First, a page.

The Canada International Internet Dispute Resolution Centre (CIIDRC) has submitted a proposal to ICANN to become a dispute-resolution service provider for the Uniform Domain Name Dispute Resolution Policy (UDRP). If approved, CIIDRC would become the sixth UDRP provider, joining the World Intellectual Property Organization (WIPO), the Forum, the Czech Arbitration Court, the Asian Domain Name Dispute Resolution Centre, and the Arab Center for Domain Name Dispute Resolution.
CIIDRC is a division of the British Columbia International Commercial Arbitration Centre (BCICAC), which was established by the government of the Province of British Columbia with the support of the Federal Government of Canada in 1986. BCICAC operates under the BCICAC Foundation, which is managed by a Board of Directors consisting of business leaders, lawyers, academics, and a former Supreme Court of British Columbia Judge.
Since 2002, BCICAC has provided dispute resolution services for the .ca country-code top-level domain (ccTLD) under the Canadian Internet Registration Authority’s Dispute Resolution Policy (CDRP).
CIIDRC’s UDRP proposal includes a list of 26 initial UDRP panelists. (Disclosure: I serve as a CDRP panelist for BCICAC and am included on CIIDRC’s list of UDRP panelists. I also serve as a UDRP panelist for WIPO, the Forum, and the Czech Arbitration Court.)
In its UDRP proposal, CIIDRC says that it would provide an “interactive website [that] will allow parties in a dispute to file a complaint and a response online” and that it “will offer a secure online channel for the parties use.”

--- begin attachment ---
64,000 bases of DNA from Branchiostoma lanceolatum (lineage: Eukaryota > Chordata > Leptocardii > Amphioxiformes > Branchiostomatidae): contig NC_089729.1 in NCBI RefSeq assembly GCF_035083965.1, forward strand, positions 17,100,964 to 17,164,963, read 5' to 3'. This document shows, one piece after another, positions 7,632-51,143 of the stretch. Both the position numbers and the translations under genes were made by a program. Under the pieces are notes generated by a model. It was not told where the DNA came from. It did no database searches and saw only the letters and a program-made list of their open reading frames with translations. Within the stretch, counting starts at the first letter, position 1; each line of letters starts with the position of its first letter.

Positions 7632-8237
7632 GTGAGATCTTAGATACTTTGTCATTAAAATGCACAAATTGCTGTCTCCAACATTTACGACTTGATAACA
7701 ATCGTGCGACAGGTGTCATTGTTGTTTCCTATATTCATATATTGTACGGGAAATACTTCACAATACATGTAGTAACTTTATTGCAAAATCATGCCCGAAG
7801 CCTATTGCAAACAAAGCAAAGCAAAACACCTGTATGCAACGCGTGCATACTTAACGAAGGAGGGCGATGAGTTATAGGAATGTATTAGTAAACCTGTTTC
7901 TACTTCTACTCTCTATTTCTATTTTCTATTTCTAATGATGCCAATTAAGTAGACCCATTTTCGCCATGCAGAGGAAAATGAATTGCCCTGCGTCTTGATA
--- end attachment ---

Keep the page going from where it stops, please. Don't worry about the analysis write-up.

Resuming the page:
In its supplemental rules submitted with the UDRP proposal, CIIDRC outlines a two-tier fee structure that includes a non-refundable filing fee due when a complaint is filed, followed by a panel fee “payable at the time of the appointment and not in advance.” This differs from the current UDRP providers’ practices, which require all fee payments at the time of filing (although WIPO typically offers a partial refund if a case is terminated before the panel is appointed).
CIIDRC’s total fees are comparable to those of the two leading UDRP providers, WIPO and the Forum. Its combined filing fee plus the panel fee for a single-member case begins at U.S. $1,400.00.
If approved by ICANN, CIIDRC says in its proposal that it could begin UDRP work within two to four months and that it could handle up to 200 cases per month. CIIDRC has promised to provide quarterly statistics to ICANN.
“We are committed to promoting and providing efficient, cost-effective and speedy online dispute resolution services,” CIIDRC’s proposal says.
Although UDRP filings are at an all-time high, it is unclear whether there is much demand for another UDRP provider. The most recently approved provider, the Arab Center for Domain Name Dispute Resolution, lists only four UDRP decisions on its website since 2016. By comparison, WIPO reported that it handled 3,074 UDRP cases in 2017.